Home Basics: Air Handler and Condenser

Owning a home can sometimes seem overwhelming, especially if you don’t understand how everything in your house works. For example, did you know that your air conditioning unit has more to it than just that piece that sits outside? You probably have an air handler in your basement or attic. Today, we are going to talk about the different parts of your HVAC system and where you might find them.

                So, lets start with that piece that sits outside of your house, you probably think of it as your “air conditioner”, this is your condenser. A condenser turns certain chemicals from a gas to a liquid by cooling it. This process happens repeatedly in order to cool the home. The condenser (in conjunction with the compressor) primarily works with a substance called refrigerant. The compressor turns that refrigerant, typically Freon, into a liquid. That liquid begins to travel through the condenser coils, and eventually the heat can escape. From this point, the liquid heads to a different part of the air conditioning unit (the evaporator) as a highly pressurized gas that is now cooler.

                The newly cooled air is then pushed throughout your home by your air handler, it is located in the attic, basement or a dedicated closet, and may closely resemble the shape of a gas furnace. Depending on the design of your home, an air handler may be a principal indoor component of your heat pump system. Depending on the season, the circulated air is either cool or hot; your air handler assists in regulating the circulation of indoor air and the temperature of the air in your home that you have set on your thermostat or control system. Your air handler consists of an evaporator coil, blower motor, air filter and the electrical and electronic components required to deliver enhanced levels of indoor comfort.

  • Coil:  The indoor coil or evaporator coil is a crucial component of the refrigeration cycle.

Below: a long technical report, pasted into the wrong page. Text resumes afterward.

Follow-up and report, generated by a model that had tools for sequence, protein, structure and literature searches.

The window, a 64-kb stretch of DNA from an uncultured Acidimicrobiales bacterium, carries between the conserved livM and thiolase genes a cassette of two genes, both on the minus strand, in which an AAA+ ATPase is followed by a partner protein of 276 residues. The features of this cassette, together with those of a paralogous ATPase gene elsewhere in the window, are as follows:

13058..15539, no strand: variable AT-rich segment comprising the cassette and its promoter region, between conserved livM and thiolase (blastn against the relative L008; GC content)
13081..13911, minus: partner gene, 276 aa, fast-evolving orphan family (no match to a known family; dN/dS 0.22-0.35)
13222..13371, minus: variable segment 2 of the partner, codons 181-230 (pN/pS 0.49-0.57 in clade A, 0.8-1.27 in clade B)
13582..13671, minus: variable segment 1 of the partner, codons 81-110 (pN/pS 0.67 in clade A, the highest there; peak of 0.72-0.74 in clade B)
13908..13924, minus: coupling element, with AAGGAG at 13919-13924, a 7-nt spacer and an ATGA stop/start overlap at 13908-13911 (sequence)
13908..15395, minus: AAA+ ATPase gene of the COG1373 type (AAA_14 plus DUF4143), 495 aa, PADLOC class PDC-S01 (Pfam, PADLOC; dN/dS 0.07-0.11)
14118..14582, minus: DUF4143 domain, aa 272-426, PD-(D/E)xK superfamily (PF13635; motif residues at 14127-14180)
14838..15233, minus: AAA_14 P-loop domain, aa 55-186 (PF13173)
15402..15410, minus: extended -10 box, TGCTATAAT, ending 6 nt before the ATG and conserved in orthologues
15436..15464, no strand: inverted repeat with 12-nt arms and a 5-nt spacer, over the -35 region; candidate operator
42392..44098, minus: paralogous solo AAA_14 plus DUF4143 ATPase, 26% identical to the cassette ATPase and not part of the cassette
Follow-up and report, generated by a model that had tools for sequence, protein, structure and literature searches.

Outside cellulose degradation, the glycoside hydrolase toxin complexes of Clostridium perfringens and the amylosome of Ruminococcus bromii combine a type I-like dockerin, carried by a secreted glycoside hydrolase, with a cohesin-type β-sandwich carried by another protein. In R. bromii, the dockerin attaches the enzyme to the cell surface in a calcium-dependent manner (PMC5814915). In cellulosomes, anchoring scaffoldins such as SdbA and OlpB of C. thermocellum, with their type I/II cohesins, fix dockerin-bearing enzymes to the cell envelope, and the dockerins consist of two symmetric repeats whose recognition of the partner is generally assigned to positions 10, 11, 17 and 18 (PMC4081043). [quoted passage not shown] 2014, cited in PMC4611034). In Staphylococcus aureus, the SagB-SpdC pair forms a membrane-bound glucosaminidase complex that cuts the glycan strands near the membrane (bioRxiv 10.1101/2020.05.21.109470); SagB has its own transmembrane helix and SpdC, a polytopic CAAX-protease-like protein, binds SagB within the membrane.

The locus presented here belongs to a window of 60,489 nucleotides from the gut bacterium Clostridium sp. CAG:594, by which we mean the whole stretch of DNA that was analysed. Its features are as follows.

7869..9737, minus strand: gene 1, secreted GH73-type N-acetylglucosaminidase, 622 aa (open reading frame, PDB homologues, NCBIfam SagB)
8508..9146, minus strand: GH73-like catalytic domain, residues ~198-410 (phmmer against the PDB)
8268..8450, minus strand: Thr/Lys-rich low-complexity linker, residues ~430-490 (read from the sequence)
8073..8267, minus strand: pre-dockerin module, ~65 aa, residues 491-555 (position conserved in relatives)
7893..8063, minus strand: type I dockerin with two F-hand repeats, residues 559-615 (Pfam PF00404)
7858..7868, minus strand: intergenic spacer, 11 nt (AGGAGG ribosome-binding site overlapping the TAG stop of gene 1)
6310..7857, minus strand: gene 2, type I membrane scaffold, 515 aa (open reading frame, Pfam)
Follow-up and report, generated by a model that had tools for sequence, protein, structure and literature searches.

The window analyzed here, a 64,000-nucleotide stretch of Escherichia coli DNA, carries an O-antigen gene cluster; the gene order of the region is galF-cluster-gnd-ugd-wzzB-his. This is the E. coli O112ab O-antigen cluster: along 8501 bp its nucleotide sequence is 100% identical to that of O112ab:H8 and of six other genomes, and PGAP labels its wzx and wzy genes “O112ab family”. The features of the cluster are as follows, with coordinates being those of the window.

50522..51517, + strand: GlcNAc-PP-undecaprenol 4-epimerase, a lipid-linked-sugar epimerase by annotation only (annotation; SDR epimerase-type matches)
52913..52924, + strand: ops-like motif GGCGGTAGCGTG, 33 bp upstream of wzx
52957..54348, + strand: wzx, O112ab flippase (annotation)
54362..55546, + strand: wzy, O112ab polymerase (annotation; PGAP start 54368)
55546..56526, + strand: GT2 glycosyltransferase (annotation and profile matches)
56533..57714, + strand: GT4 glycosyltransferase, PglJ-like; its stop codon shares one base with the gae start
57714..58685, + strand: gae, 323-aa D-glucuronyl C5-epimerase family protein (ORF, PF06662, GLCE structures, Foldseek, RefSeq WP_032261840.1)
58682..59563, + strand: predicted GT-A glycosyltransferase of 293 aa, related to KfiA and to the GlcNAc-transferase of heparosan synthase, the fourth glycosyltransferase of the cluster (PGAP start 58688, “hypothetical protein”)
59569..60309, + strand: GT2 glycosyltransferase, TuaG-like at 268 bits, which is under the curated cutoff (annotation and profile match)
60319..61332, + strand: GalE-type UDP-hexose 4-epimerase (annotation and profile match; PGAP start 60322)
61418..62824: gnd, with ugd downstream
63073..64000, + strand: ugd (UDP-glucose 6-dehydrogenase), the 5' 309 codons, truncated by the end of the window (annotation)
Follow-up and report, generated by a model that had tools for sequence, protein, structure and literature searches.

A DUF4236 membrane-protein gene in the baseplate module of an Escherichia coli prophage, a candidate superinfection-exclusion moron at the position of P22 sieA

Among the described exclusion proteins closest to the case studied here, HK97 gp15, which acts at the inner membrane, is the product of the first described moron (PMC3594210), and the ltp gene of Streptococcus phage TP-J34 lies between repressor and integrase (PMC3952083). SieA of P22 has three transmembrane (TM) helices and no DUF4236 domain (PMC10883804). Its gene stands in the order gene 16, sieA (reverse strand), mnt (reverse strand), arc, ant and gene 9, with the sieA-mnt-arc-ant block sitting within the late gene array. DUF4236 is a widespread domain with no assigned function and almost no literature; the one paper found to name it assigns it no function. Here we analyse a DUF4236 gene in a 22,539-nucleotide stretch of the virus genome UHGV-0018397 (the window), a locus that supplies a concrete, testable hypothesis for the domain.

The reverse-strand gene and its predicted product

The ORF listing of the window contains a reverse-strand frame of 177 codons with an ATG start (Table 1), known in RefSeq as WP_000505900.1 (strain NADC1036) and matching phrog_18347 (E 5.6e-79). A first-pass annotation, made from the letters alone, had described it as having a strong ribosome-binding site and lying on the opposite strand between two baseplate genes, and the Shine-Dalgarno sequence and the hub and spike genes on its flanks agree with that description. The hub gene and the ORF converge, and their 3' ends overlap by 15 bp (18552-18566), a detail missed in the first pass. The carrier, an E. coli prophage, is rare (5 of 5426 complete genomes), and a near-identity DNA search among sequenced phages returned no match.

• When your home requires cool indoor air, the coil is cold and removes humidity as the indoor air passes over it. This makes the conditioned air feel cooler throughout your home.
    • When your home requires warm indoor air, the coil is warm and transfers heat to the air that passes over it. This makes the conditioned air feel warmer throughout your home.
  • Blower Motor: The blower moves the air to the connected ductwork to circulate it into your indoor spaces. The blower motor may be a single speed, multi-speed or variable speed model.
  • Air Supply and Return Plenum Connections: Duct work is connected to your air handler by a plenum to
    • “supply” or deliver the conditioned heated or cooled air to your interior spaces
    • “return” the air to the air handler that needs to be heated or cooled
  • Filter: Before your air conditioned or heated air enters your ductwork, it passes through an air filter. The filter is intended to minimize the number of particulates circulated throughout your home, accumulate in the duct work, and land on the indoor components of your heat pump system.

The air is circulated through your home via ductwork, this involves the air being sucked from throughout the house into the heater/air conditioner, where it is heated or cooled, and pushed back through ducts into the living space. Both intake and output of air is critical to smooth-operating ductwork, not to mention heating, cooling, and indoor air quality.

Now that you know the basics of residential ductwork and air handlers, you can ask questions and speak intelligently with your contractor to be sure that you’re getting the system that’s right for you.